The Chief Causes and Types of Bulimia Nervosa

Bulimia nervosa or simply bulimia is a grave eating disorder that affects a significant proportion of the population, particularly young women, and can sometimes get fatal. An individual with bulimia tends to binge or eat gluttonously during a sitting, much more than what one would consume normally. Majority of bulimics also resort to purging or regurgitating after a round of gorging.

At a larger social level are the influences of pressure and advertisements on children and adults of what constitutes a perfect body and the ways that food, or lack thereof, may achieve that. — Leslie E. Korn Ph.D., MPH, LMHC, ACS, NTP

Bulimic individuals usually follow the cycle of bingeing and vomiting with the sole objective of staying as slim as possible and checking weight gain. Bulimics find themselves torn apart by an irrepressible urge to eat on one hand, and on the other, an irresistible desire to purge or vomit the excess food consumed. However, there is a proportion of bulimics who exploit other ways in order to shed the excessive intake of calories, instead of purging, like dieting, starvation, and intensive workouts.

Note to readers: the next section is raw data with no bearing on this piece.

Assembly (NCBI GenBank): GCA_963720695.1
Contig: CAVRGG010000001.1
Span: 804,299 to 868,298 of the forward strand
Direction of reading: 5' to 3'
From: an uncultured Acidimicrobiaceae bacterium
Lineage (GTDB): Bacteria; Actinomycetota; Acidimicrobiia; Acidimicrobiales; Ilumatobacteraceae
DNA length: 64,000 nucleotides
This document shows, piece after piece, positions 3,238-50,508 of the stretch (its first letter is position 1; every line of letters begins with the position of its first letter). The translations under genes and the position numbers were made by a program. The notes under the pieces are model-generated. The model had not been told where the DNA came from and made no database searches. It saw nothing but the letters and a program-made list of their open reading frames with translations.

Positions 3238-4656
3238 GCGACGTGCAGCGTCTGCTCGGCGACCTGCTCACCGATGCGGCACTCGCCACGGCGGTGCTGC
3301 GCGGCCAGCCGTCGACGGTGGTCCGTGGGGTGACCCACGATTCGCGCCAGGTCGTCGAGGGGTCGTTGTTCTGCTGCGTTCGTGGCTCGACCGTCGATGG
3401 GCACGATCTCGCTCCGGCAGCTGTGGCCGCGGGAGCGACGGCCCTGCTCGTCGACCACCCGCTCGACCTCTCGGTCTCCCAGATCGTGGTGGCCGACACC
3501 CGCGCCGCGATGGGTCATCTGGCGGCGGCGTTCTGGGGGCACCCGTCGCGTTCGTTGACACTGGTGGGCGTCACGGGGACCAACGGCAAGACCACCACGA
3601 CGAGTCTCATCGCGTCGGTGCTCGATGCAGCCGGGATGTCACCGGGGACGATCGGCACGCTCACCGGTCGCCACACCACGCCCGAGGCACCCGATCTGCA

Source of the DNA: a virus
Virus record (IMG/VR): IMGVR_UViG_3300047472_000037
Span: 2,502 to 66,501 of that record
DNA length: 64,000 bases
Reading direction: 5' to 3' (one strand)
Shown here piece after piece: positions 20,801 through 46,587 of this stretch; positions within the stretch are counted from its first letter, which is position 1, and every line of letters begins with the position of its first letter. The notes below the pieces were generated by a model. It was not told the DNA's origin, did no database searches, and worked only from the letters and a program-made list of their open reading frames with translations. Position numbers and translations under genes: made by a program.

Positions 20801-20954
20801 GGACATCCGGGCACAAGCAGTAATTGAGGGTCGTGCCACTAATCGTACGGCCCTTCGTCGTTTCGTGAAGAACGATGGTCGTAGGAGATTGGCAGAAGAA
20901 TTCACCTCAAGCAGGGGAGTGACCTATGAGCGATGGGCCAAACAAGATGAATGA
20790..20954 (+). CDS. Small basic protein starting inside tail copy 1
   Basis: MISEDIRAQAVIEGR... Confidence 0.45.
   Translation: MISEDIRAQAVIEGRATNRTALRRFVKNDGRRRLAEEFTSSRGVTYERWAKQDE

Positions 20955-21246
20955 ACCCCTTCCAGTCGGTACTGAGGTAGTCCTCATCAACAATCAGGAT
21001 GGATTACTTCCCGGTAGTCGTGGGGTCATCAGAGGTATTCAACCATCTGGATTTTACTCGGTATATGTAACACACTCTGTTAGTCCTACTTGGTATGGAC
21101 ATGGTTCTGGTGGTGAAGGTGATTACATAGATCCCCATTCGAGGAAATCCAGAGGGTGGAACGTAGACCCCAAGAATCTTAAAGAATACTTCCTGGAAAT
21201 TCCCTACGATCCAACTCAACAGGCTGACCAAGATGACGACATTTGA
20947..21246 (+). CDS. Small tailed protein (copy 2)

It is estimated that 0.1-0.5% of males and 1.1-4.6% of females in the US may have or have had bulimia at some point in their life.


Symptoms and Signs of Bulimia

Unlike anorexics, bulimics tend to be have a normal weight and a very few bulimic persons are obese or overweight. Bulimics, on the other hand are also more likely to indulge in substance abuse, including narcotics, banned prescription drugs, tranquilizers, and alcohol. A typical bulimic might be difficult to identify as the usual signs or symptoms associated with the eating disorder are barely noticeable.

Physical signs generally include:

  • Fluctuating body weight
  • Acute dehydration
  • Malnutrition causing one to remain in poor health
  • GERD (gastro esophageal reflux disease)
  • Irregularity in menstruation
  • Teeth damage and sore throat owing to acid refluxes

And the behavioral symptoms entail:

  • Gorging
  • Eating all by oneself
  • Stashing food in unlikely places
  • Visiting the bathroom right after bingeing
  • Being finicky about gaining weight
  • Starving or dieting intensively followed by binge eating and vice versa

Bulimics are in the habit of taking emetics and laxatives that stimulate purging urges and usually keep such medications hidden. These persons also are adversely affected by sudden mood swings, and often diagnosed with depression or anxiety disorder. A bulimic might feel inhibited to talk about his or her eating disorder despite being acutely aware of the same.

Newsflash: purging food was discovered eons ago by patients suffering from eating disorders—no surgical procedure required. — Alexis Conason Psy.D.

Causes of Bulimia